Amid embargos on tech sales and purchases in the U.S., Huawei Technologies is moving to capitalize on sustained European goodwill.
The Chinese tech giant announced an investment of 100 million euros ($111 million) over five years in artificial intelligence (AI) to expand its role in shaping the region’s AI regulations, inject courses and events that center on its products into universities and developer communities, and sell more of its technology through third-party vendors.
In AI regulation, ethics and security, Huawei wants to work with the European AI Alliance and European Telecommunications Standards Institute, the company said in a statement. It also wants to partner with the Big Data Value Association, an industry body that lobbies the European Commission on AI, to work on public-private partnership and vertical industry development using the technology.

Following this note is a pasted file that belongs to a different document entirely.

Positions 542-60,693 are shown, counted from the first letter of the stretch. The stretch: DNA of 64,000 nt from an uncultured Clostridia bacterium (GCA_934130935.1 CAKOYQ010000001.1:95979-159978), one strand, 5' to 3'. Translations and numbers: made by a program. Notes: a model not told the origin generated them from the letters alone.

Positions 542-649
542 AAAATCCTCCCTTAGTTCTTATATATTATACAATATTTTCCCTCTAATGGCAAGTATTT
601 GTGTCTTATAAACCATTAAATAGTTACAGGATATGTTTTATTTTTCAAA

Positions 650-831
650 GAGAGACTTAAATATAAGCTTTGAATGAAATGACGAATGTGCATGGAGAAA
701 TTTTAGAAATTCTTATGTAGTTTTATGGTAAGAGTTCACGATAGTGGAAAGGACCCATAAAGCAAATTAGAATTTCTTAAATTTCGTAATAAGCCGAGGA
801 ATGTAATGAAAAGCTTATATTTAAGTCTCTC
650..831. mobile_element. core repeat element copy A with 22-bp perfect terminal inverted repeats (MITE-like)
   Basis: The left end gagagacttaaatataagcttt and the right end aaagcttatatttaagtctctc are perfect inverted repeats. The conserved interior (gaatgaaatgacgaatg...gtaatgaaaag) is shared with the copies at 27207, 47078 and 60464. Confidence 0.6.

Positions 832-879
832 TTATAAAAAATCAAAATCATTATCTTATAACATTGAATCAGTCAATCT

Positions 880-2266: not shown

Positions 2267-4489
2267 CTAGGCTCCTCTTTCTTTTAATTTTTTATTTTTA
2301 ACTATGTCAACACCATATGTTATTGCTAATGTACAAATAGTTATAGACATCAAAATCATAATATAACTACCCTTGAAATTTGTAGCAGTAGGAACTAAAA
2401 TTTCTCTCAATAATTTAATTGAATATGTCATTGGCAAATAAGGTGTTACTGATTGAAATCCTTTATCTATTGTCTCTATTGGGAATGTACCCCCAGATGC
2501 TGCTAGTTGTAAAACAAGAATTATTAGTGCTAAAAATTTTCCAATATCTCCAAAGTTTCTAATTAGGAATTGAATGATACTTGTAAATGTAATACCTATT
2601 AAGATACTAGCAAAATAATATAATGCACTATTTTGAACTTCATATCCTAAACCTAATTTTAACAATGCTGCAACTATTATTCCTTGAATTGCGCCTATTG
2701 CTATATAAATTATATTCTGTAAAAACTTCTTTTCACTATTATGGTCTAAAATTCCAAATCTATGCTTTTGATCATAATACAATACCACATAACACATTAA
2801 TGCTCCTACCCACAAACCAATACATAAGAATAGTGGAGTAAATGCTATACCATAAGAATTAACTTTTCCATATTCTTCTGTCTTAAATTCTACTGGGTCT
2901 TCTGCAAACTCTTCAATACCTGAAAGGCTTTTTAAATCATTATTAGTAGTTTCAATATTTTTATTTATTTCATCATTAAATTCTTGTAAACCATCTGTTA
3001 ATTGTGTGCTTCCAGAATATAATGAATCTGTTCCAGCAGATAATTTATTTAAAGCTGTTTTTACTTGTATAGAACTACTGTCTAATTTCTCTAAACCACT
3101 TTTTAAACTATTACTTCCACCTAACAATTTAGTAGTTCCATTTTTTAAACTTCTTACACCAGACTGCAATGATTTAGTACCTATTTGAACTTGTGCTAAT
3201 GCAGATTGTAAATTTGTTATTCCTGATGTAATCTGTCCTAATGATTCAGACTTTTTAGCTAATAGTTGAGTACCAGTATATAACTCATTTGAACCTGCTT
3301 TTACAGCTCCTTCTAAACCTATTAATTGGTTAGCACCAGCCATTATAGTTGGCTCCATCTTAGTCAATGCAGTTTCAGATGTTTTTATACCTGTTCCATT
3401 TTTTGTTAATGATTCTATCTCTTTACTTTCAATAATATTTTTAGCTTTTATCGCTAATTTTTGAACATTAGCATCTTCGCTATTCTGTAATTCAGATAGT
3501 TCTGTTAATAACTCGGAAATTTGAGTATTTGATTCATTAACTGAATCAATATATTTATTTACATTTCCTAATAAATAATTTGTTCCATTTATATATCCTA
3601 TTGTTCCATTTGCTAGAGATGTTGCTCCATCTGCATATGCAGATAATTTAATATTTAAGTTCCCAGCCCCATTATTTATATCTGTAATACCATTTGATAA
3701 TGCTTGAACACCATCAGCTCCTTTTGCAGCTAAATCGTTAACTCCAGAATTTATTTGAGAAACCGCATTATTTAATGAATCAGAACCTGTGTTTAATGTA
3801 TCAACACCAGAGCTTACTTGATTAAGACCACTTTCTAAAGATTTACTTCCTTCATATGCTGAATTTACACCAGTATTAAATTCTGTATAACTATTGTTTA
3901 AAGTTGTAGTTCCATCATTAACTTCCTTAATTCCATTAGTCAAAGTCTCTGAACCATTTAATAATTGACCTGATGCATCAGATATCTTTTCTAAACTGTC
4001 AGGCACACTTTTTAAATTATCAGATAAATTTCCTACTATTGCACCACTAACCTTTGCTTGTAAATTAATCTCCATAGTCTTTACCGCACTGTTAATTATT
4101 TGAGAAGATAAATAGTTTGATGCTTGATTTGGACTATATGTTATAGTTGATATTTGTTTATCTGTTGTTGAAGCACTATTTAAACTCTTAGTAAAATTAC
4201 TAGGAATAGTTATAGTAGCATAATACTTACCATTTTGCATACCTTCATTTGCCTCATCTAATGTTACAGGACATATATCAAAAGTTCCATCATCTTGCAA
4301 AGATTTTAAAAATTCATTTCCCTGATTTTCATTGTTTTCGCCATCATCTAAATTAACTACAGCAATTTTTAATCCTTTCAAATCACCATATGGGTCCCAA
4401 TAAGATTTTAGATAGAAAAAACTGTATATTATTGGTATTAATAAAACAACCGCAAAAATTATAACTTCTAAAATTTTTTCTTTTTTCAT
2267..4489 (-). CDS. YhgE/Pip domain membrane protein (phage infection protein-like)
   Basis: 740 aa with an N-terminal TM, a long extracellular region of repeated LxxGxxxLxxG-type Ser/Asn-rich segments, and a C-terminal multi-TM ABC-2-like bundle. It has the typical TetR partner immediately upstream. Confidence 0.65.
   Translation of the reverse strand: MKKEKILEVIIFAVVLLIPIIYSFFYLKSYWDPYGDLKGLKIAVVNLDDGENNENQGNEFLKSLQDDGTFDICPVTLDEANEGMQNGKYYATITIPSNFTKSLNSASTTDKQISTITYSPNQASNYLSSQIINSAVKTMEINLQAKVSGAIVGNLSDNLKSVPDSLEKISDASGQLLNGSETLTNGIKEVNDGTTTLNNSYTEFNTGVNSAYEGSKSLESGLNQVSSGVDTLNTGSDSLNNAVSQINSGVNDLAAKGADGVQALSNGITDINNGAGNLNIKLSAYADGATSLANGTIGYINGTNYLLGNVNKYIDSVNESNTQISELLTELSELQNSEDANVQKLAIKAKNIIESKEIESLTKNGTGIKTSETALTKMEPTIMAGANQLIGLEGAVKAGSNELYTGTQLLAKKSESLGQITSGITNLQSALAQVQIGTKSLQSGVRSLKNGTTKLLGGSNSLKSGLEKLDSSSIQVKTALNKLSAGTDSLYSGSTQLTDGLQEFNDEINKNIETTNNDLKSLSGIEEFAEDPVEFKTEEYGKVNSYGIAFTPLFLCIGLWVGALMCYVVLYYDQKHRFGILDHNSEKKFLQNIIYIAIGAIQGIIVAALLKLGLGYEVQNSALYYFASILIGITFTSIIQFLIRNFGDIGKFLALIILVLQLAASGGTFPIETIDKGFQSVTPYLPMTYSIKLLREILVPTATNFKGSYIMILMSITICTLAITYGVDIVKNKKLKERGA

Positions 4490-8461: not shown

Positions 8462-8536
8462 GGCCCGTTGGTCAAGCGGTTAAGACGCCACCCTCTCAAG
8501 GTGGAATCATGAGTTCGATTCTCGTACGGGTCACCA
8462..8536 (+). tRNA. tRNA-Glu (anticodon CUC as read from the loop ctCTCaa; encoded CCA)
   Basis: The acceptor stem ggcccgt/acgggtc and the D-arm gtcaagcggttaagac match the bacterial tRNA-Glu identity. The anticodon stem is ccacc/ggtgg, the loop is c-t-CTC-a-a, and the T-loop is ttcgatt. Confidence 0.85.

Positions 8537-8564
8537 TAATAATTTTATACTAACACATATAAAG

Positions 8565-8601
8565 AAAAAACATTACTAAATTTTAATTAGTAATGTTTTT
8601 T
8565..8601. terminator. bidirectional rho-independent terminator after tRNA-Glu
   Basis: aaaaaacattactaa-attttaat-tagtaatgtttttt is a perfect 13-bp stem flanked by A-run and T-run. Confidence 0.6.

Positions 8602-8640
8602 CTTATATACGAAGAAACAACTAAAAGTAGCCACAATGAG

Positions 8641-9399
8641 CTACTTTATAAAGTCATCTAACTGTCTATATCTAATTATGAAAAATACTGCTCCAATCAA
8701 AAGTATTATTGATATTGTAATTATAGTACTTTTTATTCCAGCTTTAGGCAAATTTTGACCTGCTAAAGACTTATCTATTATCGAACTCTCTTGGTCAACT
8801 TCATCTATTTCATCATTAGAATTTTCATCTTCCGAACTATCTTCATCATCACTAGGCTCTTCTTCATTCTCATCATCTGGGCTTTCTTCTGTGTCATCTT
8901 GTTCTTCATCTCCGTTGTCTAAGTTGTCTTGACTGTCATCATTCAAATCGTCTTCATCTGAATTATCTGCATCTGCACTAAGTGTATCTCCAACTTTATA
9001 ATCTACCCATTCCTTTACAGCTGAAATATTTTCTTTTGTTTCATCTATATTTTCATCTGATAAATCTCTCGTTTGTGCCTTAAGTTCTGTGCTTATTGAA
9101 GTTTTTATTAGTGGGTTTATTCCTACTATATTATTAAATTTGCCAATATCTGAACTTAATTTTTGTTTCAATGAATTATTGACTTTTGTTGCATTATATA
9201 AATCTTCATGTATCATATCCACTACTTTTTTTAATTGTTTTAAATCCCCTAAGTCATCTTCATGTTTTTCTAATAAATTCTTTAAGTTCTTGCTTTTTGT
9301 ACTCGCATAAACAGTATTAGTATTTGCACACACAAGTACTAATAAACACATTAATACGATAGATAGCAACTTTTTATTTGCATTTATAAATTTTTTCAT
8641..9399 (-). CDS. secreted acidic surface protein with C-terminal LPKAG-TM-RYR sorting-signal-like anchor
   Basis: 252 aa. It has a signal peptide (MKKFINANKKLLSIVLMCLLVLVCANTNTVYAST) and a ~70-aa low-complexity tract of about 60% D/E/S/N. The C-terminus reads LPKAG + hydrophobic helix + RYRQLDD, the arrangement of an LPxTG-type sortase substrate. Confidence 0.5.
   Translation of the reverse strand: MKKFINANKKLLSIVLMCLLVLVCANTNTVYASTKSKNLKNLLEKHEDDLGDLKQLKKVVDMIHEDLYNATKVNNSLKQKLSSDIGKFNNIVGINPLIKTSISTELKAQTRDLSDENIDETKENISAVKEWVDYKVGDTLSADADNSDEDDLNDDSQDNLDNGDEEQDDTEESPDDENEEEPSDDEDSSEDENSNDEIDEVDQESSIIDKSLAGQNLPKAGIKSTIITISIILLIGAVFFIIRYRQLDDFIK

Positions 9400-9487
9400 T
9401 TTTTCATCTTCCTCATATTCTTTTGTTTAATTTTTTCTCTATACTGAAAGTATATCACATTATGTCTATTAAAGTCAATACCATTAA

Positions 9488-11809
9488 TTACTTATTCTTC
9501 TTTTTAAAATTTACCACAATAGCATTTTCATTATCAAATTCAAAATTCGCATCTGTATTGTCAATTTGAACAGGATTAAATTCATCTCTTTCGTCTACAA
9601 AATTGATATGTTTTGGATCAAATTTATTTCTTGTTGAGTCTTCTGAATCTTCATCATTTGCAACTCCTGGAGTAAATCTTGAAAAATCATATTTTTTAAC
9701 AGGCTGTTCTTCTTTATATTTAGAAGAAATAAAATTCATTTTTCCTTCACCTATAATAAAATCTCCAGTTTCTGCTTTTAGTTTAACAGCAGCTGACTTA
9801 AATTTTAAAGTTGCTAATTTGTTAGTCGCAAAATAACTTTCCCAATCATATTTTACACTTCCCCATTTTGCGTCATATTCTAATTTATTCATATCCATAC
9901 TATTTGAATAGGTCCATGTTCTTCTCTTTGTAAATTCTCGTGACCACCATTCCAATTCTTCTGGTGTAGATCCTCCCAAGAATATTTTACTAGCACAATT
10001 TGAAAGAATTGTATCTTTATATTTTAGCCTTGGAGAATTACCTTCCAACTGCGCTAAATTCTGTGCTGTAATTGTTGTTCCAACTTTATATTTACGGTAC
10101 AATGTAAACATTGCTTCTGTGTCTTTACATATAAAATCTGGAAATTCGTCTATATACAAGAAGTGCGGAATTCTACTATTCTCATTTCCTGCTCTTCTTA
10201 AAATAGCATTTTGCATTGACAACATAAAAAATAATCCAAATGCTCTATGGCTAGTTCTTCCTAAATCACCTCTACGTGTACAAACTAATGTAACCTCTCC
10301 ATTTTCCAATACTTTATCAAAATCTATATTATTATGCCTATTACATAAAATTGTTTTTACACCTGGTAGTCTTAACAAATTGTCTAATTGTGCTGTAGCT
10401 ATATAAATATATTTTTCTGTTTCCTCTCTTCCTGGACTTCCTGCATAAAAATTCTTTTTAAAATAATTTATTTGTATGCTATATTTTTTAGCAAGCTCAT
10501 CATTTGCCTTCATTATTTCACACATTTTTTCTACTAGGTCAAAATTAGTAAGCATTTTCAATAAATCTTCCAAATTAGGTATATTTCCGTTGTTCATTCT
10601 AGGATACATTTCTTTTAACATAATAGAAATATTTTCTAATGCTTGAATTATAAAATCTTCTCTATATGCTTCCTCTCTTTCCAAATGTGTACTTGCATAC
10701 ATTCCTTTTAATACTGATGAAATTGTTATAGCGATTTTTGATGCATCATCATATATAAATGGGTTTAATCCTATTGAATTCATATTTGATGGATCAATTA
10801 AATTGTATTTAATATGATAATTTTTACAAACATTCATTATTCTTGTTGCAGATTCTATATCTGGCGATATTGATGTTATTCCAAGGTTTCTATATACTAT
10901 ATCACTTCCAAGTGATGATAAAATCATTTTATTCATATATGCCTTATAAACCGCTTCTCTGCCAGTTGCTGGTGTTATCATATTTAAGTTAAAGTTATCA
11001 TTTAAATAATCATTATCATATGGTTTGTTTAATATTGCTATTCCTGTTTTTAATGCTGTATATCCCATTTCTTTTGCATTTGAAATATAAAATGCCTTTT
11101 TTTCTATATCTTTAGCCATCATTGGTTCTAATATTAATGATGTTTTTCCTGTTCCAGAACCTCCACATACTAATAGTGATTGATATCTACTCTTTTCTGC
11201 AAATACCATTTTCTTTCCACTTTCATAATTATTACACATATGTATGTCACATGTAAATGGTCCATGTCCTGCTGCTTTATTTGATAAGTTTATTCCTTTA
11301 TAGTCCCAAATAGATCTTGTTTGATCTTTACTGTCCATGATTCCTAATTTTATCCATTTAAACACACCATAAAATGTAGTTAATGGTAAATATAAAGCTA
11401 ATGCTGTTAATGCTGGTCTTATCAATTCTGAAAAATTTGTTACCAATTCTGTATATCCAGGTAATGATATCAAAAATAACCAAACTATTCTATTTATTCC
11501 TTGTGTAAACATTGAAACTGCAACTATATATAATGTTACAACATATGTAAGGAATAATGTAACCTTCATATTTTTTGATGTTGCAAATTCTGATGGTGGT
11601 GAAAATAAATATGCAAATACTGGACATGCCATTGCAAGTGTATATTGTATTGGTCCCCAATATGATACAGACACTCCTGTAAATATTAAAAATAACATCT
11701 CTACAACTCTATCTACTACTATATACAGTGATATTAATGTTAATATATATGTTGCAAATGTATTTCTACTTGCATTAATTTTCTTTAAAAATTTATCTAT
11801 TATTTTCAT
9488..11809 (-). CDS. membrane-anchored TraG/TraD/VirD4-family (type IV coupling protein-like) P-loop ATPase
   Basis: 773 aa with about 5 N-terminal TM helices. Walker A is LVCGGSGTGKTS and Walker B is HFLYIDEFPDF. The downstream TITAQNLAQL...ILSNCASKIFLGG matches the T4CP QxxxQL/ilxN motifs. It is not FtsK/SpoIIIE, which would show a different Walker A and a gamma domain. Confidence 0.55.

AI courses that Huawei is designing for universities and research institutes focus on its “Ascend” portfolio of AI training chips, servers and clusters, as well as basic AI theory, algorithm model development and applications, the company said. In addition, it will establish joint labs and publish teaching materials.
The plan will help “industry organizations, 200,000 developers, 500 ISV (independent software vendor) partners, and 50 universities and research institutes to boost innovation,” Jiang Tao, vice president of the company’s intelligent computing unit, said in the statement.
The U.S. government’s efforts to oust Huawei from global markets have been frustrated by European nations including the U.K., Portugal, Germany and Switzerland, which have either signed up for the company’s telecom equipment or refused to commit to a ban. A mobile service provider in New Zealand, a country thought to have also barred Huawei, announced last week it is pilot testing a private 5G network built with the Chinese supplier.
Huawei’s opaque ties to the Chinese state have led to accusations that the company could leverage its overseas telecom infrastructure for espionage purposes, claims that the company denies and Beijing slams as “politically motivated.”
Contact reporter Dave Yin (email@example.com)